“Are there normally stars there?” I wondered aloud.
Have you ever caught something weird out of the corner of your eye and wondered, what did I just see? Even stranger, have you ever stared right at something and still wondered, what the heck am I looking at? This happened to me at 5:37 a.m. on Thursday, March 26, 2020, while walking my dog in the pre-dawn darkness. I was worrying over how crazy everything’s become during the COVID-19 pandemic across the state of Michigan when a collection of bright objects just above treetop level pulled me from my thoughts. There, in the southern sky, hung three yellowish-orange stars arranged like a backwards Nike swoosh. They seemed… off. I’m not an astronomy expert, but I’ve looked at the sky often enough to know that those stars just didn’t quite fit.
“Is one of them a planet?” In a move that would have made Galileo’s head explode, I popped my smart phone out of my sweat pants pocket, tapped on an astronomy app, and immediately discovered that I was looking at not just one, but three planets: Mars, Jupiter and Saturn. And suddenly, despite my existential worries, the tiny hairs across my forearms and at the base of my skull prickled in the cool morning air. I’m looking at Mars, Jupiter and Saturn! They’re like, a gazillion miles away, but I’m seeing them all in one place!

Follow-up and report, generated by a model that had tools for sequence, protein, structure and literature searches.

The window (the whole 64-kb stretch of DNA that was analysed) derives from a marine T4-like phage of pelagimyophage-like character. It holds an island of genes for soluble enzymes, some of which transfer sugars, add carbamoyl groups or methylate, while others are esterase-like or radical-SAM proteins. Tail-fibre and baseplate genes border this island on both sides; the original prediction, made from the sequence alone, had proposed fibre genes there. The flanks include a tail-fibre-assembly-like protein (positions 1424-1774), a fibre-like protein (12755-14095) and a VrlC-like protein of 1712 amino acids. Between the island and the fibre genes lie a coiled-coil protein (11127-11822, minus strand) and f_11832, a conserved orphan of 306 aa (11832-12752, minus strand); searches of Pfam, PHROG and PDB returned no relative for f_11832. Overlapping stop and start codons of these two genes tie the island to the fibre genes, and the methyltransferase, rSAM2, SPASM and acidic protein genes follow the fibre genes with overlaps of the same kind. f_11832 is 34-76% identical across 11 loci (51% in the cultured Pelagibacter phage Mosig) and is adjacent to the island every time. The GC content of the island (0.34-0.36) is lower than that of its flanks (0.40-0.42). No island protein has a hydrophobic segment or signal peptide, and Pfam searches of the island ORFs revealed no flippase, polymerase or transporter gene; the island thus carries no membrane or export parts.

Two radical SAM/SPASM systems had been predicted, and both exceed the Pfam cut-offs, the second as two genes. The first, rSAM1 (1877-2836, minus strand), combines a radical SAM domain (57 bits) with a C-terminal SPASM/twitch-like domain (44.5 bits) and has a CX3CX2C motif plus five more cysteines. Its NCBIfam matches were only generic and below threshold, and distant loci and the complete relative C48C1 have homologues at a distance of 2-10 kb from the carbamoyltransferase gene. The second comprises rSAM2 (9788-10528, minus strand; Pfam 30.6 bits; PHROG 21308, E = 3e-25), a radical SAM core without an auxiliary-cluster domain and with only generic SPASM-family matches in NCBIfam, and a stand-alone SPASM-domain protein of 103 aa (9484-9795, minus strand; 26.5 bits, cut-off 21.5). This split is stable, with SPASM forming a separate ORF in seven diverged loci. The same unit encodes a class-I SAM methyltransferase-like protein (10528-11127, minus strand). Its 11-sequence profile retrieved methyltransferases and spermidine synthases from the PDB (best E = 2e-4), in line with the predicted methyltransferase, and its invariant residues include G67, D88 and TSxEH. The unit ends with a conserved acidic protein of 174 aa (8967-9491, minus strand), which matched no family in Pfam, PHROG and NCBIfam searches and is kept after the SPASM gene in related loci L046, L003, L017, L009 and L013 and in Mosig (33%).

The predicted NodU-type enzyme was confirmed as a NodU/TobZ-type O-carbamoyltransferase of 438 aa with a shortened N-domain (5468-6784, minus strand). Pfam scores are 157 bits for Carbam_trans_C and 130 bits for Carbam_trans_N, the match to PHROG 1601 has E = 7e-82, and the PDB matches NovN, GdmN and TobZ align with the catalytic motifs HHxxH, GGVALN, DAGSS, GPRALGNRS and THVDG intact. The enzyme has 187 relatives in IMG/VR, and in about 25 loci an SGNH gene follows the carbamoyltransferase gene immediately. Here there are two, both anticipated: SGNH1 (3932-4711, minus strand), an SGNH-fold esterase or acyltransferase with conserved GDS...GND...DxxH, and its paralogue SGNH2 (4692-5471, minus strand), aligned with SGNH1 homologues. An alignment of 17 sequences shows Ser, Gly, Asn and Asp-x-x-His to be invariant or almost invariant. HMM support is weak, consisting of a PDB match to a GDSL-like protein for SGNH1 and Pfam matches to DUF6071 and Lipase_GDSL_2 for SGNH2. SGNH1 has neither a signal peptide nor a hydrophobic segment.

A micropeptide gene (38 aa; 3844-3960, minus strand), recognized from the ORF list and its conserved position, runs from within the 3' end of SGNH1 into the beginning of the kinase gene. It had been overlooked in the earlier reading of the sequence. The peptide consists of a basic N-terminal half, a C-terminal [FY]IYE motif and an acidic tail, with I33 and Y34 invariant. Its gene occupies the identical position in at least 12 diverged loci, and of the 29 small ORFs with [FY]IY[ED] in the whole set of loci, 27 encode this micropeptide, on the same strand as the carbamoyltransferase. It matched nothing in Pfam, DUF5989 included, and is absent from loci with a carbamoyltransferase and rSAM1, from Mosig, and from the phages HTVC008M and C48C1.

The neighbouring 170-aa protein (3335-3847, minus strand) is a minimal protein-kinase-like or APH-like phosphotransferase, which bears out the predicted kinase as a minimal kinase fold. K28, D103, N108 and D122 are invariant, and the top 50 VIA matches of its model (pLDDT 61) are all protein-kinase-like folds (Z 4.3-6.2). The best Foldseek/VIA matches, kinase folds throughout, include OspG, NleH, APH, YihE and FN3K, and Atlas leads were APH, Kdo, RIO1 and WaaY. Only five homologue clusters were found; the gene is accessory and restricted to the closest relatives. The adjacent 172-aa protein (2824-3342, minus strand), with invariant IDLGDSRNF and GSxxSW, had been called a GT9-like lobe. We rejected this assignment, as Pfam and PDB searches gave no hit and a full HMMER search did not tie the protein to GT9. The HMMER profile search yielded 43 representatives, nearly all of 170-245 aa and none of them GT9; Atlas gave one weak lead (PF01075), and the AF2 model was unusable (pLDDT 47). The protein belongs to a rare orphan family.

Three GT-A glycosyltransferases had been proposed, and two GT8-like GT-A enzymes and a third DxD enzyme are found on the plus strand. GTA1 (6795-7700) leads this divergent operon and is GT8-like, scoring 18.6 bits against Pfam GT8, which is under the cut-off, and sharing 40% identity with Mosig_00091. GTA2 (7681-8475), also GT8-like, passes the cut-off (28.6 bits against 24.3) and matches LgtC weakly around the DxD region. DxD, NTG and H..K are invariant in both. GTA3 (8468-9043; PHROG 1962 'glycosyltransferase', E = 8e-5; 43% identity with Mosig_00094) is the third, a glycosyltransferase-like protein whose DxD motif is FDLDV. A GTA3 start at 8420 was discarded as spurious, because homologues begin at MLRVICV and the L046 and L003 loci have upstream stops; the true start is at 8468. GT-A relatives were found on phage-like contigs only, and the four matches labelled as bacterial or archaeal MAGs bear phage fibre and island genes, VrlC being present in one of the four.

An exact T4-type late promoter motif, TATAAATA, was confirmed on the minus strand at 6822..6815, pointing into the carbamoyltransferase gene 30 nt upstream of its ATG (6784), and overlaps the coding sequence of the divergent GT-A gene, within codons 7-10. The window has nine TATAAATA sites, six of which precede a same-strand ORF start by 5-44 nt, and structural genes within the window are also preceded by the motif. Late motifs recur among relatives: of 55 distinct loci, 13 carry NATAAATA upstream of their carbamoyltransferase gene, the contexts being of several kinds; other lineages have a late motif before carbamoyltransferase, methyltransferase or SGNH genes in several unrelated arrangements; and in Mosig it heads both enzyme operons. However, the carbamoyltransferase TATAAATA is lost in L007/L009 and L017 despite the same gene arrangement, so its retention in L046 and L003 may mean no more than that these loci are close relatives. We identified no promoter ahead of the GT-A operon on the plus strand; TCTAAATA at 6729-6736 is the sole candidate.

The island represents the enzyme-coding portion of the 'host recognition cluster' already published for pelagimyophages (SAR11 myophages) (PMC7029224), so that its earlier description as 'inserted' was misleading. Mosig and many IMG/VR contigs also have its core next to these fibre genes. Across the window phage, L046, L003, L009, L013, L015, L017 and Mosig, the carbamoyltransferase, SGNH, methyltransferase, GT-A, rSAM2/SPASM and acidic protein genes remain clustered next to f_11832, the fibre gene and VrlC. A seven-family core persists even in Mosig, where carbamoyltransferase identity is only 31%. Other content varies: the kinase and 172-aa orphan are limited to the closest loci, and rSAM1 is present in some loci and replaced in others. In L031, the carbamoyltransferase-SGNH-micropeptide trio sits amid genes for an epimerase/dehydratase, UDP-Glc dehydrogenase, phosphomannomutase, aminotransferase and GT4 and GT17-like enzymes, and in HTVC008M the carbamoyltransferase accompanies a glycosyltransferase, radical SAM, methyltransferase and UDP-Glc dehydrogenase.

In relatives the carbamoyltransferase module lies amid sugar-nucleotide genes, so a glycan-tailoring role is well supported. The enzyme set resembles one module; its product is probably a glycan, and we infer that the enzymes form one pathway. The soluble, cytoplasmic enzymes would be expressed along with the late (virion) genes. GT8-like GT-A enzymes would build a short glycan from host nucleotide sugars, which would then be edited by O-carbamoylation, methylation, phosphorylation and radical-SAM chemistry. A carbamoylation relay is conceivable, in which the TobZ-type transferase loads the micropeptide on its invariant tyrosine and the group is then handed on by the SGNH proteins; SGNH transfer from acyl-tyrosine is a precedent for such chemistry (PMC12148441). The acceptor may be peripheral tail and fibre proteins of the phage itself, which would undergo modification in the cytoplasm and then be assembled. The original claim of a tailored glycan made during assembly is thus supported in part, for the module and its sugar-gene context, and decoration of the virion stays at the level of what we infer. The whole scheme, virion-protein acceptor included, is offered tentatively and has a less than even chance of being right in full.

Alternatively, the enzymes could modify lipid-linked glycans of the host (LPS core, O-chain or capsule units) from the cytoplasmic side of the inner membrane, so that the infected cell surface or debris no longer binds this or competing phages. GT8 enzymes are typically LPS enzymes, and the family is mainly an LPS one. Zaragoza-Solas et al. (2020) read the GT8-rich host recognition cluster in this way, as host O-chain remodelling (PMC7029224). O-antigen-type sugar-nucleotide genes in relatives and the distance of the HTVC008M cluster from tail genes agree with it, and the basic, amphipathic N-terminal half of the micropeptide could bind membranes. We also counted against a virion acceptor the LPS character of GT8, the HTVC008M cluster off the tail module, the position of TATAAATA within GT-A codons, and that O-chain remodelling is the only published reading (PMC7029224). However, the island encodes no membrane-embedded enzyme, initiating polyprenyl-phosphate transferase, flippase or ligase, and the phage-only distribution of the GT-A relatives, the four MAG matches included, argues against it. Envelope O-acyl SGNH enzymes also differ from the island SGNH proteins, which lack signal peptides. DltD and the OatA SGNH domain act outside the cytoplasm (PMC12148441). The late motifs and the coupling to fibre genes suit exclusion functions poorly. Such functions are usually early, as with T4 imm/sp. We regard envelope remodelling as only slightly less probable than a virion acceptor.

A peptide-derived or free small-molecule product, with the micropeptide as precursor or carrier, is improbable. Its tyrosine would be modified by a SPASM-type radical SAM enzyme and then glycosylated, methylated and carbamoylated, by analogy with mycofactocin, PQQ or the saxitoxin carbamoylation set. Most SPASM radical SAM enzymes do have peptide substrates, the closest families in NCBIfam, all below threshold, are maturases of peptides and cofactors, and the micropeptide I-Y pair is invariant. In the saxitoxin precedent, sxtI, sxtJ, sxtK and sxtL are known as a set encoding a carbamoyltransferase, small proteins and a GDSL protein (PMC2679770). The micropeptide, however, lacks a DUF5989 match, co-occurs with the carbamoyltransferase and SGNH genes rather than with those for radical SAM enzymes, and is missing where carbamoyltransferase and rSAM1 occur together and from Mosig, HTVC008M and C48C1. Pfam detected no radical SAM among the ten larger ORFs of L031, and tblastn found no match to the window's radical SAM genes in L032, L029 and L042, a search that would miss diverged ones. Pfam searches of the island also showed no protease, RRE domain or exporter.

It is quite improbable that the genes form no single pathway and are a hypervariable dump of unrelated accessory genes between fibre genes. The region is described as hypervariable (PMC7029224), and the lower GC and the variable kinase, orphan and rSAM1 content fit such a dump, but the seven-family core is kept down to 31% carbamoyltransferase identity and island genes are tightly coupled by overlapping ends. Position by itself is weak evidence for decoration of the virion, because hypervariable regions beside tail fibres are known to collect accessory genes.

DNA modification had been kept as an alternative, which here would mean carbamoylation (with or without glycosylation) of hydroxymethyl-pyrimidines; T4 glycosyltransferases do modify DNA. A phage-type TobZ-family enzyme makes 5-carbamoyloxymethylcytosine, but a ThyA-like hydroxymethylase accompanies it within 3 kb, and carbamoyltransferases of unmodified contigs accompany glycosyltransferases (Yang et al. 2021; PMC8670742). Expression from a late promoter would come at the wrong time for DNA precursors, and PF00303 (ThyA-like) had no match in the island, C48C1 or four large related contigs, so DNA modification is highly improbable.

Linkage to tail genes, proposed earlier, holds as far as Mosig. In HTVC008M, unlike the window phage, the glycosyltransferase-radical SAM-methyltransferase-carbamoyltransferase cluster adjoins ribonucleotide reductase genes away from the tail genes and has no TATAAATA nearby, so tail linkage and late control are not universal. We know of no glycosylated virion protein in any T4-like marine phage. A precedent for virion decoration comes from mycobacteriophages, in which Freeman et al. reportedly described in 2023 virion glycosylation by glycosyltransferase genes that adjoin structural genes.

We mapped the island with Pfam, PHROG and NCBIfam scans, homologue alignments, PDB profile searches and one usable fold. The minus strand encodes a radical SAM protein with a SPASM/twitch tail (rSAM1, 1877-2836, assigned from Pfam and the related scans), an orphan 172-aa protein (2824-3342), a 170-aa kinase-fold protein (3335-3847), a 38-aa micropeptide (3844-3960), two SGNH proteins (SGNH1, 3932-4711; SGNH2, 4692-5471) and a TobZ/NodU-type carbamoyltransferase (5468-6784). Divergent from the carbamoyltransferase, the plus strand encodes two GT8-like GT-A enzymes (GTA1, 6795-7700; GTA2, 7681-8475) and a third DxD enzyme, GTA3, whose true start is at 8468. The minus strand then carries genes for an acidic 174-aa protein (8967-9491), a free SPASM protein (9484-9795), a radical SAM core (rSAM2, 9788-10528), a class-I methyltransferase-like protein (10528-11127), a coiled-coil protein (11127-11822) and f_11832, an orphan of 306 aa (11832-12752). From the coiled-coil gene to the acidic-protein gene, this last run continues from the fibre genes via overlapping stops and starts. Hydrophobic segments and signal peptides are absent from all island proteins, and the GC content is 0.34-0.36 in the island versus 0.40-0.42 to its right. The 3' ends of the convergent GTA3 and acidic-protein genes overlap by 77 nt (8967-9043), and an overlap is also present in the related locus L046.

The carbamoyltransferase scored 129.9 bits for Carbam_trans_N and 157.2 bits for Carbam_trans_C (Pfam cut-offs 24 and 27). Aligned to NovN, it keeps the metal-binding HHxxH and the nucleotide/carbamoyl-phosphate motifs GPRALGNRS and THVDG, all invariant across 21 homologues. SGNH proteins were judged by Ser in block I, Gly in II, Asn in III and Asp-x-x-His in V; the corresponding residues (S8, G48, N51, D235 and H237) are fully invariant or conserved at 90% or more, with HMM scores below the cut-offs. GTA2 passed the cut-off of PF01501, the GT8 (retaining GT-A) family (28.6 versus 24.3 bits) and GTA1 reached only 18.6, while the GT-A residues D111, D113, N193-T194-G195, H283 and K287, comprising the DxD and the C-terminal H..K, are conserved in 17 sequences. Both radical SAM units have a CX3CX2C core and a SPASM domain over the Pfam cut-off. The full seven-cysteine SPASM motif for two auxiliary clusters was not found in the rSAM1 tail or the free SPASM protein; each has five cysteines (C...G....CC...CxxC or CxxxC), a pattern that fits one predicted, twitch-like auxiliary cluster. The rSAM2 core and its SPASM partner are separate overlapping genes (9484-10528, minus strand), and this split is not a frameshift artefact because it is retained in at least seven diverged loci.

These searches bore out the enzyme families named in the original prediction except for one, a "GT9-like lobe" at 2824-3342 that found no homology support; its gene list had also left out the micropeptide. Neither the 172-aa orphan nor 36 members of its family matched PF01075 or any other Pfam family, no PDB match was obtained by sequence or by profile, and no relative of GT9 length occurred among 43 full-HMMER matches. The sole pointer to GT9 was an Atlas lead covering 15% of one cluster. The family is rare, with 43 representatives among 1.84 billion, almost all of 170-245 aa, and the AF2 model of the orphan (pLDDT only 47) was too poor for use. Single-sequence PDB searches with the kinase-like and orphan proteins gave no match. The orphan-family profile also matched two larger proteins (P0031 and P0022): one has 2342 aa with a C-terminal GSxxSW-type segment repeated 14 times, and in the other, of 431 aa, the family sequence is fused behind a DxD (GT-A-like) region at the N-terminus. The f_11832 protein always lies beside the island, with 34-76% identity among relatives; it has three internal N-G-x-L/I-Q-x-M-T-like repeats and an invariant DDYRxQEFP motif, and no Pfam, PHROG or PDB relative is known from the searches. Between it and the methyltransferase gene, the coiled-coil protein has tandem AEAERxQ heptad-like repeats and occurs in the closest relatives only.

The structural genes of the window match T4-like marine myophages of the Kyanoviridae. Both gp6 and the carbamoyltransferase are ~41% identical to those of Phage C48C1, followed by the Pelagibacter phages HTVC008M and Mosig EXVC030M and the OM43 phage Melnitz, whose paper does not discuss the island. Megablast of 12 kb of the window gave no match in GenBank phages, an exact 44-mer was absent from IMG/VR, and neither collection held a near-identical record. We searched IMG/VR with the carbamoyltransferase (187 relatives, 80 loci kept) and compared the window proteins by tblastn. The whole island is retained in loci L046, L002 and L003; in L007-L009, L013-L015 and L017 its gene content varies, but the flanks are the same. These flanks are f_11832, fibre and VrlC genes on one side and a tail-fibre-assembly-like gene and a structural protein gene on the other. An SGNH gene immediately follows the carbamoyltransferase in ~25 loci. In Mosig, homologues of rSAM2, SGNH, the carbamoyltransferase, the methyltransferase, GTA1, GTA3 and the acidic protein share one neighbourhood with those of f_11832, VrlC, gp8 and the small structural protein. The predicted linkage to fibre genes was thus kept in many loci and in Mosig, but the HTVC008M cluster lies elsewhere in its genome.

In my 42 years, I’ve never looked to the sky and seen them clustered like that. After a little web research I realized it’s not actually all that rare, but I’ve never seen it before. I’ve never been there at the right time and in the right place and actually paid attention to see these three mighty planets shining from across the solar system. Even as I worry about my daughter missing the last part of first grade, and even as I wait for my own wife’s COVID-19 test results to come back, the simple discovery of three yellowish-orange “stars” in the sky where I know they really shouldn’t be leaves me with a tingly sense of wonder. Nature’s still there, unfolding her mysteries one after another. And despite the fear and the uncertainty, I hope to keep my eyes open, and maybe even notice what I’ve never noticed before as I walk across this amazing Earth I call home.
Written by Justin Smith, Community Outreach Interpreter (Southern District)